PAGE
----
Carrie Sloan, MD, FACOG, has already received several phone calls from patients who are pregnant or trying to get pregnant about canceling or changing their travel plans because of the Zika virus.
The mosquito-borne infection has been linked to birth defects around the world since it was first confirmed in Brazil back in May 2015, reports the Centers for Disease Control and Prevention (CDC). One of those birth defects is microcephaly, a condition that causes unborn babies to have an abnormally small head size.
On February 1, the World Health Organization escalated concern by declaring the Zika virus a "public health emergency." The virus has no vaccine and no treatment, and it is hard to detect.
So far, the only cases that have been confirmed in the United States stem from people traveling to Central America, South America, and other regions where the virus is spreading, according to a statement from the Utah Department of Public Health.
Dr. Sloan, an obstetrician and past President of Medical Staff at Lone Peak Hospital, in Draper, Utah, says women who are already pregnant should be most concerned. "And it's only scary for pregnant women," she adds.
Here's her take on 4 of the most common questions patients are asking:
1) If we're trying to get pregnant, do we have to wait?
Not if you live in the United States. El Salvador has issued a warning to aspiring moms to wait to get pregnant—for two years. "I've had several patients say, 'We can't get pregnant for two years,' but that only applies to women in those countries where Zika is spreading," Dr. Sloan explains.
So if you're in the United States, it's okay to move forward with your babymaking plans and your travel plans. But you still have to be careful: "Don't go on that trip and try to get pregnant while you're there," Dr. Sloan warns. "Wait to get pregnant for a few months afterward, just to be safe."
The CDC reports that the virus may stay in your system only for about a week, and there's currently no evidence that the Zika virus puts future pregnancies at risk.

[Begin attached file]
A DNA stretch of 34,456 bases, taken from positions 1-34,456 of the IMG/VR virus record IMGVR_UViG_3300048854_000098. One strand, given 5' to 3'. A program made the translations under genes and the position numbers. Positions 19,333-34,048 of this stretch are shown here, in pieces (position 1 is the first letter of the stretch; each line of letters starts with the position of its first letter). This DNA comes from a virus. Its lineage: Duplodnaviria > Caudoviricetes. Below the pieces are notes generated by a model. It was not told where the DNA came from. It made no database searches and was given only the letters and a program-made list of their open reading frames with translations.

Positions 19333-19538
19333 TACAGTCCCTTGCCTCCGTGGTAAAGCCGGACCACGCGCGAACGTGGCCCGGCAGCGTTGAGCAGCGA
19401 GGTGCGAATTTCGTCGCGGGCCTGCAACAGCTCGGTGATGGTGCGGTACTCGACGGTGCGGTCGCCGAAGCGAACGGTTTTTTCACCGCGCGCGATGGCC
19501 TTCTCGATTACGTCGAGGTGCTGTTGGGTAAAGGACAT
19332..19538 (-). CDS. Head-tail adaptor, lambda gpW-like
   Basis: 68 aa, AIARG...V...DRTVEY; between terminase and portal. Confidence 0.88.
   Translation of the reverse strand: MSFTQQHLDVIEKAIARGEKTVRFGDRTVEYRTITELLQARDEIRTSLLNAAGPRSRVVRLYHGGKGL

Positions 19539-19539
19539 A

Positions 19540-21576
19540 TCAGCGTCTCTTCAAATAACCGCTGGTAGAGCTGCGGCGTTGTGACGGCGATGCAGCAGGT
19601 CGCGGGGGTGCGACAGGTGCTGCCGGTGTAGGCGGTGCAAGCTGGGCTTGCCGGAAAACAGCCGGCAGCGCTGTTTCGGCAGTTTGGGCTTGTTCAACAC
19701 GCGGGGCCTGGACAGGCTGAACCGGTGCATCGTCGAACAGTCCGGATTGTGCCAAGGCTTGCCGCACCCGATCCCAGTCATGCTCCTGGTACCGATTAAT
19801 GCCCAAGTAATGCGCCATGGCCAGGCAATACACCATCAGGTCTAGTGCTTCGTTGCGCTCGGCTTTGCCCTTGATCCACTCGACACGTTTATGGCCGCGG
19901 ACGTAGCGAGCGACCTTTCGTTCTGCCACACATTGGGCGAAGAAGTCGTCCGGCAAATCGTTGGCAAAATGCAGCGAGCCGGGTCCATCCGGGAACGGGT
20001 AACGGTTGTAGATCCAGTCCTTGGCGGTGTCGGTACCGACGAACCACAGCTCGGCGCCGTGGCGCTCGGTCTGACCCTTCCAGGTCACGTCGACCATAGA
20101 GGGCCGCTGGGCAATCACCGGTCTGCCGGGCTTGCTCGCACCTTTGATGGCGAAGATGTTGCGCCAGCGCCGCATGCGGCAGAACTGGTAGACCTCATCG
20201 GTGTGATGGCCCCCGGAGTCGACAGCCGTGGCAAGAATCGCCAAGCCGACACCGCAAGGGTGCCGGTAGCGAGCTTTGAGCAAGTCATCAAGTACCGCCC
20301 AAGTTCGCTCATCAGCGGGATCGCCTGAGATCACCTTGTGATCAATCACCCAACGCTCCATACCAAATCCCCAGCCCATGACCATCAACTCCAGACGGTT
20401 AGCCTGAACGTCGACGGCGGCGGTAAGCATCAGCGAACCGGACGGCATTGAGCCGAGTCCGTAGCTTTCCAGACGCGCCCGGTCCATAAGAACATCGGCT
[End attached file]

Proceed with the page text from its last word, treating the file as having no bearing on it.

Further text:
Check out the CDC's updated list of areas with Zika.
2) What if I'm pregnant, but very early? Can I still go on travel?
It's not certain, "but I think there is probably a critical point in gestation when exposure is very risky," Dr. Sloan says. So even if you're early in your pregnancy, it's best to think about whether it's worth putting your little one at risk. Talk to your doctor about your travel plans.
If you do end up going, take all the steps necessary to prevent mosquito bites, Dr. Sloan advises, like using bug spray and wearing clothes that cover your arms and legs.
"Avoid mosquito bites in general," she says. Aside from Zika, "there are also still concerns about malaria, dengue, and other mosquito-borne illness. It's just that this one's a little scarier."
3) If I'm pregnant and think I've been exposed, when should I be tested?
The CDC says that pregnant women who have symptoms should be tested for Zika within two weeks after they've traveled to an area where the virus is spreading. The symptoms of Zika virus infection include:
- joint pain
- conjunctivitis (red eyes)
The problem is that the majority of people don't have symptoms, Dr. Sloan says, and the CDC is recommending testing only for pregnant women with symptoms who have traveled to those areas.
"I understand the CDC's recommendations, but I would like more pregnant women to be tested if they have a relevant travel history," Dr. Sloan cautions. So, if you've recently visited an area where Zika is spreading, talk to your doctor about getting tested, even if you don't have symptoms.
4) I'm postponing my travel plans. How do I cancel my vacation?
Many airlines and hotels have "windows" in which you can cancel travel and get your money back, even if you didn't buy travel insurance. If you're pregnant and past that window, the best bet to get a refund or a credit for future travel is to ask your physician for a written note on letterhead that confirms your pregnancy and explains that you've been put on a medical restriction to avoid travel in areas where the Zika virus is spreading.
The hotel or airline may want the note emailed or faxed directly to them from your doctor, so be prepared to give your physician the fax number or email address for the airline or hotel.
Follow up with your physician until she confirms that the letter has been sent. Also, follow up with the airline and hotel to make sure your refund or credit is on the way.
Then, make plans for a nice staycation here in the U.S.